So, as you would expect, there’s a lot of experimentation that needs to be going on at the innovation level. If the platform is “built” right, the content that will be distributed through innovations at the second level will create the kind of networks “we” want (ideally, that means what the “Holy Spirit” wants).

        Wants headache inducing for many people is that this implies a very sloppy, creative process more like creating a work of art than building a business. But if we’re the Body of Christ….and “in the beginning was the Word and the Word was with God and the Word was God”…and all things came into being through the Word…shouldn’t the church reflect the creative nature of God, the artist, not God, the manager?

  5. Gentlemen, I have to say, this is a seriously incredible discussion. All three of you are so insightful. (Brian, sorry I didn’t name you in my first comment, yours just hadn’t appeared yet when I was writing mine).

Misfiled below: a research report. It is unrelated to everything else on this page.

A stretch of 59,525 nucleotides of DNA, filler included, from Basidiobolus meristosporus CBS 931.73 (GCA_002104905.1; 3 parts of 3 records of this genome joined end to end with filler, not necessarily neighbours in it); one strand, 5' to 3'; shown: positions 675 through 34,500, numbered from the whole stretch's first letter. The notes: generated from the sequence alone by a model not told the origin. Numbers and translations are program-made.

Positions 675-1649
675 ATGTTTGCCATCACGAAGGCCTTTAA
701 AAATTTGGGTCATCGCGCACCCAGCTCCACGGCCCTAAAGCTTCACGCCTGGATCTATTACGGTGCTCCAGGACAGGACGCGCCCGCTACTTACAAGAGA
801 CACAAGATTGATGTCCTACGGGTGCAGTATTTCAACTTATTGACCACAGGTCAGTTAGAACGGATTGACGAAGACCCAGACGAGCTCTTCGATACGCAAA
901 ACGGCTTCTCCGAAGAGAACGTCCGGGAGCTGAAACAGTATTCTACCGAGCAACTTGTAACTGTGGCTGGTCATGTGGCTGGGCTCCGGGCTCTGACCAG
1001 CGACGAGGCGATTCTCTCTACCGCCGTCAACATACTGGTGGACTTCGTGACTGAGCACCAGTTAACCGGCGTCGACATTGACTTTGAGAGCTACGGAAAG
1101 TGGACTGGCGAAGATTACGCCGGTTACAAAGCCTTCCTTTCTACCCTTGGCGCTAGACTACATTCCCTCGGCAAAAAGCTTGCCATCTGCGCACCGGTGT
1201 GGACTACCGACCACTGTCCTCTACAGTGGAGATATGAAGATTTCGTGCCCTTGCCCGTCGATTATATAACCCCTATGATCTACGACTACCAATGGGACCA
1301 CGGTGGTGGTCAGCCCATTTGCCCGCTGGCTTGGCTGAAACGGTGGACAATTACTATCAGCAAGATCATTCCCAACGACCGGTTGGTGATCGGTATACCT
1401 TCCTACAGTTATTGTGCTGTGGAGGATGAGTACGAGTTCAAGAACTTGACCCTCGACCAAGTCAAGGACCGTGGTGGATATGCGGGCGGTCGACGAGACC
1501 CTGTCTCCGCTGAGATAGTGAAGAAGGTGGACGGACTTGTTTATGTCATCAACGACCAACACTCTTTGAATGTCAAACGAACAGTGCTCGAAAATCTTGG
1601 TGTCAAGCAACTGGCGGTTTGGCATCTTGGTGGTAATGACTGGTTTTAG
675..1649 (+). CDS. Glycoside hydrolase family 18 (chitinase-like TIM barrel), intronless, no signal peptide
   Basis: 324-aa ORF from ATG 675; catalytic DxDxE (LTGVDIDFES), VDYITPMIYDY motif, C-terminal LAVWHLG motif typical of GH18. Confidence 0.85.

My congregation has also really struggled with both ‘telling our story’ thing, including telling it to ourselves and with partnering with what’s already happening in our community. And the latter is really strange b/c we have all kinds of groups using our building, basically every day of the week, but we can’t seem to get beyond thinking of them as ‘renters’ rather than potential partners, meeting needs together.
    E.g. We have a Muslim group that meets in our Fellowship Hall each week to share a meal, prayers and a teaching time. What a great opportunity to learn from each other, for inter-faith dialogue, right? We just can’t seem to make it happen.

    Or, and I think this goes to the ‘T v. t’ thought, we’ve been doing an afterschool program for elementary school kids for 12 or 13 years. A hallmark has been that, for whatever reasons, the program has always consisted of about 50% from our church and 50% from the neighborhood. But the previous 2 years interest and attendance from both groups has waned dramatically. Yet we can’t seem to quit doing this and instead try filling needs at the nearby resource center which does afterschool programs everyday.

    Which, I guess, is another way of me saying I agree with you guys about the need to let the Spirit work in us as we “just be in relationship with them” and also how out of our control and scary that feels to most people. Maybe to pastors more so even than to parishioners.